Resveratrol induces apoptosis and inhibits angiogenesis in human breast cancer xenografts in vivo

Cancer Lett. 2006 Jan 8;231(1):113-22. doi: 10.1016/j.canlet.2005.01.031.


Resveratrol, a polyphenol found in grapes and wine, is considered a potential cancer chemopreventive agent. Resveratrol has been shown to induce transcription via both ERalpha and ERbeta. We observed significantly lower tumor growth, decreased angiogenesis, and increased apoptotic index in ERalpha- ERbeta+ MDA-MB-231 tumors in resveratrol-treated nude mice compared with controls. In vitro we found a significant increase in apoptosis in resveratrol-treated MDA-MB-231 cells in addition to significantly reduced extracellular levels of VEGF. This study supports the potential use of resveratrol as a chemotherapeutic agent in breast cancers.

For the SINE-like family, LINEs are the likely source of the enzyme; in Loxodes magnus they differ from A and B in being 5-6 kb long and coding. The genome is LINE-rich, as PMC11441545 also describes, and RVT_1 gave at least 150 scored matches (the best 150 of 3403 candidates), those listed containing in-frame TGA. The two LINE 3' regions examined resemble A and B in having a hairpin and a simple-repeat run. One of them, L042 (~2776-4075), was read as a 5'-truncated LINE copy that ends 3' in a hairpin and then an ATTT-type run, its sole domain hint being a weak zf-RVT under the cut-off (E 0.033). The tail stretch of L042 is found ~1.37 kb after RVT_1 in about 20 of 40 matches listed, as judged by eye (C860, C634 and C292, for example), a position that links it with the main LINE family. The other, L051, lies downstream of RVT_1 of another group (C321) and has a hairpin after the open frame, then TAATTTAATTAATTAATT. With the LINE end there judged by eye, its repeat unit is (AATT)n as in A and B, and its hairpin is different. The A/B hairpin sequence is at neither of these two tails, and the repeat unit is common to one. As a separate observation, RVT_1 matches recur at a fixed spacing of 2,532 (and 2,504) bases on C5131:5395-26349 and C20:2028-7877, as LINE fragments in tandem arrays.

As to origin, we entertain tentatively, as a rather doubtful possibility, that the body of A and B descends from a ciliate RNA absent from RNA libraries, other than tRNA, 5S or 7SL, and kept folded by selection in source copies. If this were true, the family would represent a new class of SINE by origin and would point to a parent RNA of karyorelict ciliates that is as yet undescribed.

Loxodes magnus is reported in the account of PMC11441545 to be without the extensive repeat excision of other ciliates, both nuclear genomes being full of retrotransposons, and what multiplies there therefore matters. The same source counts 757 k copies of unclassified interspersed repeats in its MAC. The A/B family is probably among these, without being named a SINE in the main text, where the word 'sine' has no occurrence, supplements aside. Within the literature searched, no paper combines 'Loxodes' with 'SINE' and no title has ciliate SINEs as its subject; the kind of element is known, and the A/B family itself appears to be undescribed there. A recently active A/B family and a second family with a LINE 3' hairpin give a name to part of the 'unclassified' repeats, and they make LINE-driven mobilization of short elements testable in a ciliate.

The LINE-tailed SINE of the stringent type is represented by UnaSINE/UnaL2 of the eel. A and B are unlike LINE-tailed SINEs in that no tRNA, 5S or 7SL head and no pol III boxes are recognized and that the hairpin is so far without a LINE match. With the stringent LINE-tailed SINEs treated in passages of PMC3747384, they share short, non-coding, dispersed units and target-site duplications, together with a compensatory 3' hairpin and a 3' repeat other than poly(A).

Publication types

  • Research Support, Non-U.S. Gov't

MeSH terms

  • Adenocarcinoma / drug therapy
  • Adenocarcinoma / pathology
  • Adenocarcinoma / prevention & control*
  • Animals
  • Anticarcinogenic Agents / pharmacology*
  • Apoptosis / drug effects*
  • Breast Neoplasms / drug therapy
  • Breast Neoplasms / pathology
  • Breast Neoplasms / prevention & control*
  • Estrogen Receptor alpha
  • Estrogen Receptor beta
  • Female
  • Humans
  • Mice
  • Mice, Nude
  • Neovascularization, Pathologic*
  • Resveratrol
  • Stilbenes / pharmacology*
  • Transplantation, Heterologous
  • Vascular Endothelial Growth Factor A / biosynthesis


  • Anticarcinogenic Agents
  • Estrogen Receptor alpha
  • Estrogen Receptor beta
  • Stilbenes
  • Vascular Endothelial Growth Factor A
  • Resveratrol